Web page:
• University of Maryland and the Montgomery County Schools (MCPS) have collaborated to produce additional master's SLP students. The program chooses applicants who are committed to working in a school setting. A scholarship for selected students covers all expenses; in exchange, the student agrees to work for MCPS for 3 years after graduation. For more information, contact Colleen Worthington at cworth@hesp.umd.edu.

source: www.asha.org

recruitment initiatives university training programs continued
Recruitment Initiatives: University Training Programs, continued
  • William Paterson University in Wayne, NJ, is collaborating with the Paterson School District to assist with the shortage of qualified SLPs in New Jersey. Contact Margaret Meth at methm@wpunj.edu for more information.
  • The University of Northern Colorado and University of Colorado-Boulder are partners with 11 local school districts to increase the number of qualified SLPs and reduce the shortage in the schools. The project is funded by the Colorado Department of Education. For further information, contact Karen Kelly at kelly_k@cde.state.co.us
  • Texas Tech University and Lubbock Independent School District Partnership; the district hires junior and senior level undergraduates as "clerks," then continues to employ them as SLPAs once they achieve a bachelor's degree. Once they earn a master’s degree, the district provides a CF experience and employs the students as fully certified SLPs upon completion of the CF. For more information, contact Sherry Sancibrian at sherry.sancibrian@ttuhsc.edu

source: www.asha.org

slide17
Recruitment Initiatives: State – Example Initiatives for Early Intervention, Special Education, and Related Service Providers
  • OR – The Oregon Department of Education, Office of Student Learning and Partnerships and the Teaching Research Institute at Western Oregon University have a collaborate effort to increase special education and related service personnel (http://www.tr.wou.edu/rrp/overview.htm)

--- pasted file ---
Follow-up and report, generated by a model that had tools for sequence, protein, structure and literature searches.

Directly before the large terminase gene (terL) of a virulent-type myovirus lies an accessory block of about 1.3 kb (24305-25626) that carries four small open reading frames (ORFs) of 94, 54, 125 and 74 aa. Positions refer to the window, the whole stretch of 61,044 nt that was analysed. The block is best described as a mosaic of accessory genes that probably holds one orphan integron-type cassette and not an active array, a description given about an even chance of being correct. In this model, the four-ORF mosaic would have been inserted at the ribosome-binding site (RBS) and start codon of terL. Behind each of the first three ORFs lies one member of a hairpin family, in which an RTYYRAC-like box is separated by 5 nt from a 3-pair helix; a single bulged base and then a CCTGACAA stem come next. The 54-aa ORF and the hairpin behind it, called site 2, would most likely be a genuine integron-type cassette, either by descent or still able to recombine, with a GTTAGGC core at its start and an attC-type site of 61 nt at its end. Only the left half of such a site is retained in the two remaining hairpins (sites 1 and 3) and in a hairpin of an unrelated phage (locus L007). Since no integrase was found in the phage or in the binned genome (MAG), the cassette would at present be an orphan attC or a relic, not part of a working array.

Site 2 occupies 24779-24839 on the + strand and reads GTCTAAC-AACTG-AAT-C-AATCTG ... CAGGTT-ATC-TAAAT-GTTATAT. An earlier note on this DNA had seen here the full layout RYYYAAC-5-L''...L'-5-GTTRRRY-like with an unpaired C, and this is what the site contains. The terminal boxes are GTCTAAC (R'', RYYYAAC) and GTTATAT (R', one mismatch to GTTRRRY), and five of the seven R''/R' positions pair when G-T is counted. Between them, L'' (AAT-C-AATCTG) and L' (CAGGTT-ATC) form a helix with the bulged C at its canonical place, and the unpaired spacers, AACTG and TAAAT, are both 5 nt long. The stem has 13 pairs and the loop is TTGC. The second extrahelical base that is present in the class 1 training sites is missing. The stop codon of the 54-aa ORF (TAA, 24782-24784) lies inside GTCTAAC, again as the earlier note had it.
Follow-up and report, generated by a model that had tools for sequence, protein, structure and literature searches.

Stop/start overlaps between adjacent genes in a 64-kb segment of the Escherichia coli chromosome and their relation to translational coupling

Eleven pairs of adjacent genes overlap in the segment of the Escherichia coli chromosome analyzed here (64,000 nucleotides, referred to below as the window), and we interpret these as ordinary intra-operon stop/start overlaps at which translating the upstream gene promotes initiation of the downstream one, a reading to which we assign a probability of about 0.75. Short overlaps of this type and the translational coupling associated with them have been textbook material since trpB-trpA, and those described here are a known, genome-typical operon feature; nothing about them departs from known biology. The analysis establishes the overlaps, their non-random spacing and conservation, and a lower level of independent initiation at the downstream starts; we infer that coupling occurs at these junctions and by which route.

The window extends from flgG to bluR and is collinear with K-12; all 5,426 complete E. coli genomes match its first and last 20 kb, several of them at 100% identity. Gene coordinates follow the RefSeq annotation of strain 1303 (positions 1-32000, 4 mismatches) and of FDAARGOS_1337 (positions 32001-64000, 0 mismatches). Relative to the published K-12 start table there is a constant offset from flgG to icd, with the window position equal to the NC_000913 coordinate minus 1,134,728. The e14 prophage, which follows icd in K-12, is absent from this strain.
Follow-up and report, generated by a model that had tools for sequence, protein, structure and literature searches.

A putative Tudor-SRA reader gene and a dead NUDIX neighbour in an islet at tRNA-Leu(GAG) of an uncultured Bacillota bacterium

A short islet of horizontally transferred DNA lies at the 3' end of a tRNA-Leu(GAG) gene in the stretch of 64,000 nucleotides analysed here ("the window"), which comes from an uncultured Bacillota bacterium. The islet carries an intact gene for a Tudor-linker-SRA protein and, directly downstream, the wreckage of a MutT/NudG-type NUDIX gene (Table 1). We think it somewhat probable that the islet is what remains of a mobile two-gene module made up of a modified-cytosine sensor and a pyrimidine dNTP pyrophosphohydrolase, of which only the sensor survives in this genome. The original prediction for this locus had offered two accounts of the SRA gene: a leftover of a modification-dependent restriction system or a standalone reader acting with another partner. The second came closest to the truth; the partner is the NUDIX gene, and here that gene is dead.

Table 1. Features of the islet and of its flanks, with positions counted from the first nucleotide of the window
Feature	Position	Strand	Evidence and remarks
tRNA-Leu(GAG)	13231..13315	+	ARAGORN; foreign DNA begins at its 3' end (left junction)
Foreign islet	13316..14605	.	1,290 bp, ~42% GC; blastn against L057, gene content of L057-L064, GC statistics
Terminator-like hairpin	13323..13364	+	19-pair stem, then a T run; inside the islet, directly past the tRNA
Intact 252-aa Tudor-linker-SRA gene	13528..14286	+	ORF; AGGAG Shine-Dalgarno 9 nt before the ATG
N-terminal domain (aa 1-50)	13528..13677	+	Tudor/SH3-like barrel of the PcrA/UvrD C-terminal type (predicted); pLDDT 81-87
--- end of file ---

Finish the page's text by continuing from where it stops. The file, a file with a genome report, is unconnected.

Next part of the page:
• RI – University of Rhode Island and Rhode Island College have developed a comprehensive plan to increase personnel in Early Intervention careers (http://www.uri.edu/frp/ei.htm)
additional asha and state slp a association efforts
Additional ASHA and State SLP/A Association Efforts
  • OR: reviewed literature on recruitment and retention, published survey on available distance ed programs in the state, surveyed school districts to determine extent of shortage, and developed career fairs for SLPs in training programs
  • MN: developed 6-part DVD to promote SLP practice in schools, to use at high school career fairs and in presentations to boards, regulatory agencies, and legislative committees
  • ASHA awarded 7 state associations (NH, ID, TX,UT, TN, OK, VA, and AZ) grants for maintenance of standards to address personnel shortages

source: www.asha.org

additional resources
Additional Resources
  • Comparing Personnel Development of the Individuals with Disabilities Education Act as amended in 1997 and the Individuals with Disabilities Education Improvement Act of 2004: http://www.afb.org/Section.asp?SectionID=3&TopicID=138&DocumentID=2706
  • Center To Inform Personnel Preparation Policy And Practice In Early Intervention And Pre School Education: http://www.uconnucedd.org/per_prep_center/index.html
  • National Center for Special Education Personnel and Related Service Providers’ Recruitment and Retention Resources: http://www.personnelcenter.org/resources.cfm
  • National Center for Personnel Preparation in Special Education at Minority Institutions of Higher Education: http://www.monarchcenter.org/
additional resources continued
Additional Resources, continued
  • Center on Personnel Studies in Special Education: http://www.coe.ufl.edu/copsse/index.php
  • OSEP-funded Personnel Preparation grants: http://www.nectac.org/search/proj/persprepproj.asp
  • APTA’s Mentoring program: http://www.apta.org/AM/Template.cfm?Section=Mentoring_Program1&Template=/TaggedPage/TaggedPageDisplay.cfm&TPLID=52&ContentID=40377
  • AOTA’s resources for student recruitment: http://www.aota.org/Educate/EdRes/StuRecruit/38333.aspx